Wednesday, May 22, 2019

The Future of the Past of Yiddish Cinema

My latest Golden City is up and in honor of this summer's Film Forum retrospective **, it's all about Yiddish Cinema.

In the last few years we’ve seen a mini-explosion of new films entirely or partly in Yiddish: Felix and MeiraRomeo and Juliet in Yiddish, and Menashe to name a few. I asked Sara Feldman, preceptor in Yiddish at Harvard University, what she thought these films had to say about the future of Yiddish cinema. Feldman teaches a course on Yiddish cinema at Harvard, one of few such academic courses in the world. She told me that “much of the current revival of Yiddish film is not conscious of its connection to classic Yiddish films, but rather emerges from a desire to portray the lives of contemporary Yiddish-speakers in Haredi communities. …”

It's understandable that filmmakers will be inexorably drawn to the stories of the modern Hasidic community. It's an exotic world apart, right there in the middle of Brooklyn. And it also makes sense that those who want to create new Yiddish drama will set their stories in a community where the presence of Yiddish is natural. But it's a challenging proposition for outsiders to pull off.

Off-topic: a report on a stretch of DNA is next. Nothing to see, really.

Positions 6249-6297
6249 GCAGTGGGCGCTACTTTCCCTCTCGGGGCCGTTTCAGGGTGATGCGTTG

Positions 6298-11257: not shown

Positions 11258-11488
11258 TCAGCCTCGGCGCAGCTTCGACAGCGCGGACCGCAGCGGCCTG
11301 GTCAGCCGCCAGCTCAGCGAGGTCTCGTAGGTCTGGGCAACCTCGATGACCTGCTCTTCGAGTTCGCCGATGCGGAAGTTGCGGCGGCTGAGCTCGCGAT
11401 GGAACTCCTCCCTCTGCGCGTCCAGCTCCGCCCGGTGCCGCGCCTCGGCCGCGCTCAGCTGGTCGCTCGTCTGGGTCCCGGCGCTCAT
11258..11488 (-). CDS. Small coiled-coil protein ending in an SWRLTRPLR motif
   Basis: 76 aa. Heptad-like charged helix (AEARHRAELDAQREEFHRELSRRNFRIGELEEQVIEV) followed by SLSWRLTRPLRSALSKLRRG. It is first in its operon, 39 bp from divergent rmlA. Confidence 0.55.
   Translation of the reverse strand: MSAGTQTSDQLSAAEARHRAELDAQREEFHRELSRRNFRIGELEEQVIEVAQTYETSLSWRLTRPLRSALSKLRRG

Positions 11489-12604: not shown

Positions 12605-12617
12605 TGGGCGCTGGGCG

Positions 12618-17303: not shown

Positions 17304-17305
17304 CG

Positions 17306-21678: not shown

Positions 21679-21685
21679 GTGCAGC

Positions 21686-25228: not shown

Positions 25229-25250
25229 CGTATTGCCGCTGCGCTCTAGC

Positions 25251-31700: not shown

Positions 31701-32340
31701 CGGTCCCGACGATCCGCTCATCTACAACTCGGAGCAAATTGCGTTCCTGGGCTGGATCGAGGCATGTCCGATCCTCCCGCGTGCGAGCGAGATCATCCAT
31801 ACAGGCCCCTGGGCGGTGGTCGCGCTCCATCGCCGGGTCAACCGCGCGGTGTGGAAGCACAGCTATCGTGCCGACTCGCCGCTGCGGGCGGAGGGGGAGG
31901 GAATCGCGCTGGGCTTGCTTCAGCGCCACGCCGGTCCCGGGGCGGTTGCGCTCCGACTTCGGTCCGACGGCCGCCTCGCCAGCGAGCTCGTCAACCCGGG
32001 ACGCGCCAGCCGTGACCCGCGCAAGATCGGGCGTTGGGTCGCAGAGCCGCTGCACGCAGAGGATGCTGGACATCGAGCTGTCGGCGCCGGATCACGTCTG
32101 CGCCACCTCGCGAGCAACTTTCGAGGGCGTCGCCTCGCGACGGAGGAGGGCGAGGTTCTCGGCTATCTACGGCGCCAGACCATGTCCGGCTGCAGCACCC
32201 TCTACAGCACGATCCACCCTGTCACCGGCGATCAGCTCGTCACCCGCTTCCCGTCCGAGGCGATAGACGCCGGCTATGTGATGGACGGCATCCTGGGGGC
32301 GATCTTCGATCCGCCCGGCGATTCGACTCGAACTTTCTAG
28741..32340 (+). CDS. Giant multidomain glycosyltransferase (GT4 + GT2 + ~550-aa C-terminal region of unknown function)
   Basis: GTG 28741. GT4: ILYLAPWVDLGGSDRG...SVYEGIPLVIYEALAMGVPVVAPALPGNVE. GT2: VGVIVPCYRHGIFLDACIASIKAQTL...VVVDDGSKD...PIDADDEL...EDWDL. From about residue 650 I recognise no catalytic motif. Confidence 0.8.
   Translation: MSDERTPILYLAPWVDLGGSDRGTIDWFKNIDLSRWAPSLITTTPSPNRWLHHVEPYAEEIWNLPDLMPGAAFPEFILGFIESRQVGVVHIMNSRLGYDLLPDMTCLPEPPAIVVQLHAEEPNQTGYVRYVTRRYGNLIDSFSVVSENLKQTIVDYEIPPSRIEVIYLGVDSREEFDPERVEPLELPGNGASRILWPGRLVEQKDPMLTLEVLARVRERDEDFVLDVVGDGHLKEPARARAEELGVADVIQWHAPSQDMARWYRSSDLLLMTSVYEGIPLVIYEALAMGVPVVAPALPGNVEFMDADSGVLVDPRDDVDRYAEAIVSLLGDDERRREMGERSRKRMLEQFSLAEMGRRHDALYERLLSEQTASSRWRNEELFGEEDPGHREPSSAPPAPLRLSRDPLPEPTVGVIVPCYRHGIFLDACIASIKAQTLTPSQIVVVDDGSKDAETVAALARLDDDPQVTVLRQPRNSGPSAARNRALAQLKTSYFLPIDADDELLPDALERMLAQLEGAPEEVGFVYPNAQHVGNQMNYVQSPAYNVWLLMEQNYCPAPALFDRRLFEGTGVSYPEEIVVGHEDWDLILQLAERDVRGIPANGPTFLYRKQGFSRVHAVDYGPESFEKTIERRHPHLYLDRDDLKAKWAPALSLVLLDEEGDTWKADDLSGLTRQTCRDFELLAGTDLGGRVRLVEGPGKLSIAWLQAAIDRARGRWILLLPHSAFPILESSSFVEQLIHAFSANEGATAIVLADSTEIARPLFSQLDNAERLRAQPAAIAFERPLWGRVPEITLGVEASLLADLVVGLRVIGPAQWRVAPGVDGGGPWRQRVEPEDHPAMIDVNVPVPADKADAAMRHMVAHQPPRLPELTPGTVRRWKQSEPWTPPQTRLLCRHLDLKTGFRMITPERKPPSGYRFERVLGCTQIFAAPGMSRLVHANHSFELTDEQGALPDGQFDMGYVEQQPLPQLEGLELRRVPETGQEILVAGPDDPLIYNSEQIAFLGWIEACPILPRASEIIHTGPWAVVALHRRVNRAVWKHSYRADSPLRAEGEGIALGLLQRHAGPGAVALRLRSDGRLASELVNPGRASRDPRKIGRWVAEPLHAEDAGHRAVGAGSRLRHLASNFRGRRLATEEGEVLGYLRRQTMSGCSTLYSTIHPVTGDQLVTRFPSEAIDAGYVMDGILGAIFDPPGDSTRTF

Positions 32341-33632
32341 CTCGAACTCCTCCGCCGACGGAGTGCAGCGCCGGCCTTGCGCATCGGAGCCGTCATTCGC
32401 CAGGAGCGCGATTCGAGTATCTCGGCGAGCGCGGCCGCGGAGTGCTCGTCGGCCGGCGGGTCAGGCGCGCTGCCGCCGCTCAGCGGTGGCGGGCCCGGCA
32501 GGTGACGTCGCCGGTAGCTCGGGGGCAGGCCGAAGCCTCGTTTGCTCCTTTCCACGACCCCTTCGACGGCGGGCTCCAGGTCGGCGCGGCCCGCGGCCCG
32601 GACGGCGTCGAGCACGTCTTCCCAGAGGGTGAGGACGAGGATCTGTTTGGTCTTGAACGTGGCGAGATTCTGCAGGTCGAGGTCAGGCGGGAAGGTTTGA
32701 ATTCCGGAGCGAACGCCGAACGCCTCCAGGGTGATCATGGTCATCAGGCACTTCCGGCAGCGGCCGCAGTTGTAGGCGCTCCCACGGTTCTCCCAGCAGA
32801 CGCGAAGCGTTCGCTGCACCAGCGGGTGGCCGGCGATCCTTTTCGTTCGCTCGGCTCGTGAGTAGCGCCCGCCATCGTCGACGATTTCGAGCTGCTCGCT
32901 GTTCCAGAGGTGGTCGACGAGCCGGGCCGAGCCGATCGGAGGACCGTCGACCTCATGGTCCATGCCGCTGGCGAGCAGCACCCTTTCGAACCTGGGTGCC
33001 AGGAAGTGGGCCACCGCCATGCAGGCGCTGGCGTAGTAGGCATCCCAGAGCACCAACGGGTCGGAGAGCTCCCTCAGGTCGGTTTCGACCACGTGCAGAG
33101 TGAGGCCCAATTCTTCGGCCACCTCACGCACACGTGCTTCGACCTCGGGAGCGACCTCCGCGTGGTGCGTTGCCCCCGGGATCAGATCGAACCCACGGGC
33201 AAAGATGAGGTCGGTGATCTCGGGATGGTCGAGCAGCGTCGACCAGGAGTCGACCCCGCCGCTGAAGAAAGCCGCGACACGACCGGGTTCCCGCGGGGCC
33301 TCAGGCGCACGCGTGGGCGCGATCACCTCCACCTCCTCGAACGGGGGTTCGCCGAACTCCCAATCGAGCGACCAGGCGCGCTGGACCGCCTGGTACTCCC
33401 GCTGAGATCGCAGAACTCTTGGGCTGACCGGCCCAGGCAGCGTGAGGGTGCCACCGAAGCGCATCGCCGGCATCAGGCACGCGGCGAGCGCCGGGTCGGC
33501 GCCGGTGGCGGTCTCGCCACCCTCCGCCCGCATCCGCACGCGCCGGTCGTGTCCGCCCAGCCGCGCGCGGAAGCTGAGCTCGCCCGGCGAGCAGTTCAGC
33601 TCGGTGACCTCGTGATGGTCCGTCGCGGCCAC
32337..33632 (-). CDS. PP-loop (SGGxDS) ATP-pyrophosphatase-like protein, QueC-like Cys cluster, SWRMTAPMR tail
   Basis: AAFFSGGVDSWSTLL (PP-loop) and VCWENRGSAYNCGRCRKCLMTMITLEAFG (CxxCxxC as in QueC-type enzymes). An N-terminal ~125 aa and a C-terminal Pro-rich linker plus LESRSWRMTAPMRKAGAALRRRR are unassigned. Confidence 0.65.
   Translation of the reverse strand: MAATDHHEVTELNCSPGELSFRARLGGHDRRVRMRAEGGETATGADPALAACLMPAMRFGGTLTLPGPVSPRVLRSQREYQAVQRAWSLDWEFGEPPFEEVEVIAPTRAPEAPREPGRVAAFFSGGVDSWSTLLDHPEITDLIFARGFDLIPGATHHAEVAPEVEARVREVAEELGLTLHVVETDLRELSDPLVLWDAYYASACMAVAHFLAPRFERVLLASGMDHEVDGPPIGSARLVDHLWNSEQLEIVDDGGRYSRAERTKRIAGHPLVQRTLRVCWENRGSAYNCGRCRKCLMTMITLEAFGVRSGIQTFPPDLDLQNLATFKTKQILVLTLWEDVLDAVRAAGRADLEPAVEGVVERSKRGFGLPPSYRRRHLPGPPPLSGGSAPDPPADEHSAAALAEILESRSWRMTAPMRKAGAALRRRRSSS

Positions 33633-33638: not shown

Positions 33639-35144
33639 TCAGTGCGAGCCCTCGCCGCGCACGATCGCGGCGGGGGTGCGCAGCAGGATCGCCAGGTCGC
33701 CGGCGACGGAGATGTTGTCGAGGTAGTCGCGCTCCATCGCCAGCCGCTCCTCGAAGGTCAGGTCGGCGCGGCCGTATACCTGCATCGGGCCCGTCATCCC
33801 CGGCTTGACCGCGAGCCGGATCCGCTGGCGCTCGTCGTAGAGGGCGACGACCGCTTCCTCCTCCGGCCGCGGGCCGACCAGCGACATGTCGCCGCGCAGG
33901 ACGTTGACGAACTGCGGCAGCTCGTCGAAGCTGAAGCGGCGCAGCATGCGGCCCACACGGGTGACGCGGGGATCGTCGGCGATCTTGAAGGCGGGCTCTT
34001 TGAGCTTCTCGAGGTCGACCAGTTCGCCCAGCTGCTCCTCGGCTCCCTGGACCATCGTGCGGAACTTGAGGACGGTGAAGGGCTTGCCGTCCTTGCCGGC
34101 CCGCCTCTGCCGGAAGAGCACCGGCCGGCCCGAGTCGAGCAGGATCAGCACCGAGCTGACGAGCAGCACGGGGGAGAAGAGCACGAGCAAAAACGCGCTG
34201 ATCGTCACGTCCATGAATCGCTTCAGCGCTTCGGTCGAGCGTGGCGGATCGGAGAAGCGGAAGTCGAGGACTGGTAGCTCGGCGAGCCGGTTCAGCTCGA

First, there's the question of who will be in their Yiddish movie? A number of fine Yiddish speaking actors have emerged from the ex-Hasidic community recently. As I was researching this latest column I messaged my friend Eli Rosen. He's in Berlin right now shooting a new mini-series based loosely on the story of Deborah Feldman, a Hasidic woman who left the community and moved to Germany. The production is in English and Yiddish. Eli only started acting recently but he's been busy with many Yiddish speaking roles, appearing in numerous plays, tv shows, independent films and more.